Cemmaes is a village in the valley of the Dovey River that straddles the A470 in northern Powys, Wales. The village has a pub and restaurant, the Penrhos Arms, an attractive Methodist chapel and the parish church, St Tydecho. Good walking, pretty coastal scenery and activities such as rock climbing, golf and horse riding are all available within a short distance.
There was once a train station in the village which connected the Mawddwy Railway to the main Cambrian Line, however, although the Cambrian line is still running it misses the village by a few miles.
Sitting among the Cambrian Mountain Range the landscape around Cemmaes is criss-crossed by a myriad of trails. There are miles and miles of footpaths to be walked, and the Glyndwr Trail passes close to the village.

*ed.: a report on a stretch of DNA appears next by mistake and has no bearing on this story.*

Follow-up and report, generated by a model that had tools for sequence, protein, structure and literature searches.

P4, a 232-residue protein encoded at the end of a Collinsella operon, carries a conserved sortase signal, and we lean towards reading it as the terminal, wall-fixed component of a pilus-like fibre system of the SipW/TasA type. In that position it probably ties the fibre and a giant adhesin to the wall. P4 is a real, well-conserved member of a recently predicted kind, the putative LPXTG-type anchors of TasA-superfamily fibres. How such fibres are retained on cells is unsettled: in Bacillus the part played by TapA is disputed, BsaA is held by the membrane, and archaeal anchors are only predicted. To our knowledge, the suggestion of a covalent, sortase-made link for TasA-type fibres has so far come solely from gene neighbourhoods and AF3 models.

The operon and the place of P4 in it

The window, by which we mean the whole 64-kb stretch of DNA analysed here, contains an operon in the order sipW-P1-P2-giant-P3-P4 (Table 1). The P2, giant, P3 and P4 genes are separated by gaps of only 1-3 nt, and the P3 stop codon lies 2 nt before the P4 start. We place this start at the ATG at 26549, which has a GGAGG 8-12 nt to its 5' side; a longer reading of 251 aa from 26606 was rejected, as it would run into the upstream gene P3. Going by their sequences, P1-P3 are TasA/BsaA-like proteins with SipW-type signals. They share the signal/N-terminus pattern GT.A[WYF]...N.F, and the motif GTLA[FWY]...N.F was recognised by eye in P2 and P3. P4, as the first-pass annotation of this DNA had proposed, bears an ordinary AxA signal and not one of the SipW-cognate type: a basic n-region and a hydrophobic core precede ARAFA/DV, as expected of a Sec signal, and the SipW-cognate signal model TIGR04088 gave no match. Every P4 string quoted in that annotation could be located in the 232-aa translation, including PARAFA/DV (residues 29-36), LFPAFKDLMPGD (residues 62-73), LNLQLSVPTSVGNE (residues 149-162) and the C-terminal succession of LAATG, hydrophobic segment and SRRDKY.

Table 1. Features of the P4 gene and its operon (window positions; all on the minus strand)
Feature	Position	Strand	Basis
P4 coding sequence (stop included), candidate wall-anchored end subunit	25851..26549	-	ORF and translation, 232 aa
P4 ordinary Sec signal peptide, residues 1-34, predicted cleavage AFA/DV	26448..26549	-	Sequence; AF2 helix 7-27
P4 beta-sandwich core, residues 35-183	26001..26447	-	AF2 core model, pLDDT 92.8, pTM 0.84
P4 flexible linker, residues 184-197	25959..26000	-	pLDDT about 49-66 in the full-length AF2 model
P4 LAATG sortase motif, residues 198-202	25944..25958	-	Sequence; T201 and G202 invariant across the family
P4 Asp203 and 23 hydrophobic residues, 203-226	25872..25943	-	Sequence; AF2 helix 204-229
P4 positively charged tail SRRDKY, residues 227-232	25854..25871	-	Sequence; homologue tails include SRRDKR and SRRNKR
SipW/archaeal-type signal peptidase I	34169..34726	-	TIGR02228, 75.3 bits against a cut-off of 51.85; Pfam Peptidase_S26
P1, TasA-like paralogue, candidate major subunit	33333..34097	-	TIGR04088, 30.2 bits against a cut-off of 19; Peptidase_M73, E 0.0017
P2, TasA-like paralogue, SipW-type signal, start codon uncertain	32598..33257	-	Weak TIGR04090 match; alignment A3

The 135 mile / 217km Glyndwr Trail is a long distance circular walk which can be enjoyed as a continuous journey, typically taking around nine days, or over a series of weekend or day trips. It begins at Knighton on the English border and meanders through the open moorland, rolling farmland, woodland and forestry of Mid Wales, and on toward Machynlleth, which was the capital of Wales in 1404, finishing by the Montgomeryshire Canal in Welshpool.
Mountain bikers will appreciate the Coed y Brenin Forest Trails or the Machynlleth Trails. Just a short drive away, there are trails to suit both families and more serious mountain bikers.
Following all that exercise a pint and a bite to eat might be favourite, and the Penrhos Arms in the centre of the village takes great pride in using the best local and seasonal produce to create a mix of contemporary and classic Welsh cuisine. The menus follow the seasons of the year offering an excellent selection of fish, meat, game and vegetarian dishes.